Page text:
Current Weather
The Spy FM

Children of Latino Immigrants Skew Even More Democratic Than Parents, Study Says

Filed by KOSU News in Politics.
February 7, 2013

Immigrants from Asia and Latin America are more conservative than their U.S.-born children, according to a new study released Thursday by the Pew Research Center.

And while most immigrants from Asia and Latin America identify with the Democratic Party, the report found that Hispanic members of the second-generation — those born in the United States with at least one parent born outside of the country — were even more likely to identify as Democrats than their parents.

That Democratic-leaning identification grew from 63 percent among first-generation Hispanics to 71 percent among their children.

Second-generation Asian Americans showed no change in party identification, but still leaned overwhelmingly Democratic, at 52 percent compared to 32 percent Republican.

Among the general public, 49 percent of Americans identify as Democratic, compared to 39 percent as Republican, said Pew, whose report was based on an analysis of U.S. Census Bureau Data.

The study found a big gap between immigrant parents and their children on social issues like abortion and gay rights. About half of all Latino immigrants feel that gays should be accepted by society, but among their children, that acceptance jumps to about two-thirds. Among Asians, that spike is even more pronounced: 46 percent of the first-generation think homosexuality should be accepted; 78 percent of the second-generation feel that it should be.

On the issue of abortion, the study found that 33 percent of first-generation Latinos thought it should be legal compared to 55 percent of the second generation who were in favor of abortion rights. While about half of first-generation Asians felt abortion should be legal, two-thirds of the second generation felt that way.

But this trend didn’t necessarily hold true for views about the role of government. While Latinos were much more likely to prefer an activist government than Americans at large, there’s a dip in support for bigger government between the immigrant generation (83 percent) and their American-born children (71 percent).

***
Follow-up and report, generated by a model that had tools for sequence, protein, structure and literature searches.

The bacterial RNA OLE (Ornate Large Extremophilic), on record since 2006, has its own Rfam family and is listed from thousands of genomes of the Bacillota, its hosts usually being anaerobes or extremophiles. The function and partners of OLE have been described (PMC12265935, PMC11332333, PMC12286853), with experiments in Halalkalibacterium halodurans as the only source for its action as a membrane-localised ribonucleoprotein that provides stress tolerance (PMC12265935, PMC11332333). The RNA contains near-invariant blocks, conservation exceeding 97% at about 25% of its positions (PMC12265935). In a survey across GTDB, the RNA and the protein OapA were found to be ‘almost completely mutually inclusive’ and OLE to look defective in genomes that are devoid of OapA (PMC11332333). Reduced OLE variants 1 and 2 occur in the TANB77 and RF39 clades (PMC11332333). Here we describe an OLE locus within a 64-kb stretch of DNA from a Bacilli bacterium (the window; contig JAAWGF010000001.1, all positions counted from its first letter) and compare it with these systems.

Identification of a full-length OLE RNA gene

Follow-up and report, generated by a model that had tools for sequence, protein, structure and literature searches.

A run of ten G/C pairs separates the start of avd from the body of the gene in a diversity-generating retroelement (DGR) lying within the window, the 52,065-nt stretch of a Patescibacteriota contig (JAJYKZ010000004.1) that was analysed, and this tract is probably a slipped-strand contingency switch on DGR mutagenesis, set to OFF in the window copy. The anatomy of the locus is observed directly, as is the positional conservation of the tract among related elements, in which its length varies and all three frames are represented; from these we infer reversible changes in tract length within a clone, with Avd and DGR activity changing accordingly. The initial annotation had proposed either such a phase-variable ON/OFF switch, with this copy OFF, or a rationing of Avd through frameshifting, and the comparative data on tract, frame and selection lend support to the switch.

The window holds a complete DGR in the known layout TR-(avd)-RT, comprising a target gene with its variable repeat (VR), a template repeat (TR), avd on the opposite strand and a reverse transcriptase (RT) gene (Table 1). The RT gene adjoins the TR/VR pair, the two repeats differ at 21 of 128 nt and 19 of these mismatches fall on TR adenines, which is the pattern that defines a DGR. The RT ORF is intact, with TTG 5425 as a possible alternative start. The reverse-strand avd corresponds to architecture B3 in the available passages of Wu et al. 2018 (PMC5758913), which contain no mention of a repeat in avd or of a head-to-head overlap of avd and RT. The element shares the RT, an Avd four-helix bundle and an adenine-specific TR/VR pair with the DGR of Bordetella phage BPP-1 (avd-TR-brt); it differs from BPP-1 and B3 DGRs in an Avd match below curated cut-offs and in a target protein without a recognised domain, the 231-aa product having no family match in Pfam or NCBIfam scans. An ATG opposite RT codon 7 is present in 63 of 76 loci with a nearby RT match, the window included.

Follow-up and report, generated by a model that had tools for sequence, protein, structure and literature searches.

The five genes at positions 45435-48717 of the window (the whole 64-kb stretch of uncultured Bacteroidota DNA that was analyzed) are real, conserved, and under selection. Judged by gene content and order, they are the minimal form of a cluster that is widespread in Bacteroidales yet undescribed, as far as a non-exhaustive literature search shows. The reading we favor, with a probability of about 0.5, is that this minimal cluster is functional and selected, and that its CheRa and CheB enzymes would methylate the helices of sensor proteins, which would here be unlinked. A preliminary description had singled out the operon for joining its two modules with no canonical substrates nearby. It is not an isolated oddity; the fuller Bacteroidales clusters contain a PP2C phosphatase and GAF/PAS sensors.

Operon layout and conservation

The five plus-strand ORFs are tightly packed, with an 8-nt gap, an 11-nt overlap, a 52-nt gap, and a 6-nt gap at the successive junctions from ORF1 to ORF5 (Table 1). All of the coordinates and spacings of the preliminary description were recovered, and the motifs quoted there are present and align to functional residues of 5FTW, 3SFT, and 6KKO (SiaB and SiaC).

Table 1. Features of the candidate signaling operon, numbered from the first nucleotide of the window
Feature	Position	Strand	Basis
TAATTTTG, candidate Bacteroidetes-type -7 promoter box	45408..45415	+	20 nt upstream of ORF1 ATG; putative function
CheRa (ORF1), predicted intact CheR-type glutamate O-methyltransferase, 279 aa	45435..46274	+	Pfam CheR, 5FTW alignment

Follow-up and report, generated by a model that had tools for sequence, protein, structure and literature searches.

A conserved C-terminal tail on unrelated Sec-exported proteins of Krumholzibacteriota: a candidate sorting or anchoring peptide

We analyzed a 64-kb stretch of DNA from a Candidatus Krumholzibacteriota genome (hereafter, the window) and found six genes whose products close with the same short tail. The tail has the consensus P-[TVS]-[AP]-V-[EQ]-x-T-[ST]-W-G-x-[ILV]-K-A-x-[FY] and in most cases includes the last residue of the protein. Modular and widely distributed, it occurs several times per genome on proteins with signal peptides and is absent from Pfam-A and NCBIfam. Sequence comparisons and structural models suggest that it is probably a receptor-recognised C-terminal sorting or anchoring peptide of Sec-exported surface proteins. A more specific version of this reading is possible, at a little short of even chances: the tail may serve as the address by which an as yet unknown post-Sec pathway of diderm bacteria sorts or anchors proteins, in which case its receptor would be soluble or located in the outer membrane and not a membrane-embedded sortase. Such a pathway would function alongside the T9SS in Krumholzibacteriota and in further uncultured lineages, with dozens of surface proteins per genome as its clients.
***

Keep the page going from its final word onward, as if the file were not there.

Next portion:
The same was true for Asian Americans: About six in 10 first-generation immigrants supported bigger government, compared to just under half of their children.

“One of the things is that there’s a correlation between vulnerable populations and big government,” Pew’s Paul Taylor said. “That may explain the very high levels of support for bigger government, particularly for first-generation Latinos.”

The report comes as Congress and the White House consider how to reform the country’s immigration system, and as Republicans try to reach out to Latino and Asian-Americans, who voted overwhelmingly for President Obama in last November’s presidential election. Almost all of the growth in the nation’s working-age population from now until 2050 will come from immigrants and their children, which means that winning voters from those demographics will be crucial to the parties’ electoral successes.

The study also found that second-generation Latinos and Asian Americans were also nearly twice as likely to see themselves as “typical Americans” compared to their parents. But majorities from both groups say they most often identify themselves as from the country of their ancestors.

“The metaphor that people used in the 20th century about immigrants and integration was … America’s a melting pot,” Taylor said. “I think the better metaphor for the 21st century might be a mosaic” — that is, distinct parts of a larger whole.

“They do have a sense of being part of this country while also hanging onto their identities,” he said. [Copyright 2013 NPR]

Leave a Reply

5AM to 9AM Morning Edition

Morning Edition

For more than two decades, NPR's Morning Edition has prepared listeners for the day ahead with two hours of up-to-the-minute news, background analysis, commentary, and coverage of arts and sports.

Listen Live Now!

9AM to 10AM The Takeaway

The Takeaway

A fresh alternative in morning news, "The Takeaway" provides a breadth and depth of world, national and regional news coverage that is unprecedented in public media.

View the program guide!

10AM to 11PM On Point

On Point

On Point unites distinct and provocative voices with passionate discussion as it confronts the stories that are at the center of what is important in the world today. Leaving no perspective unchallenged, On Point digs past the surface and into the core of a subject, exposing each of its real world implications.

View the program guide!

Upcoming Events in your area (Submit your event today!)

Streaming audio and podcasts

Stream KOSU on your smartphone

Phone Streaming

SmartPhone listening options on this page are intended for many iPhones, Blackberries, etc. with low-cost software applications available to listen to our full-time web streams, both News on KOSU-1 and Classical on KOSU-2.

Learn more about our complete range of streaming services

We're perfecting the patient experience - Stillwater Medical Center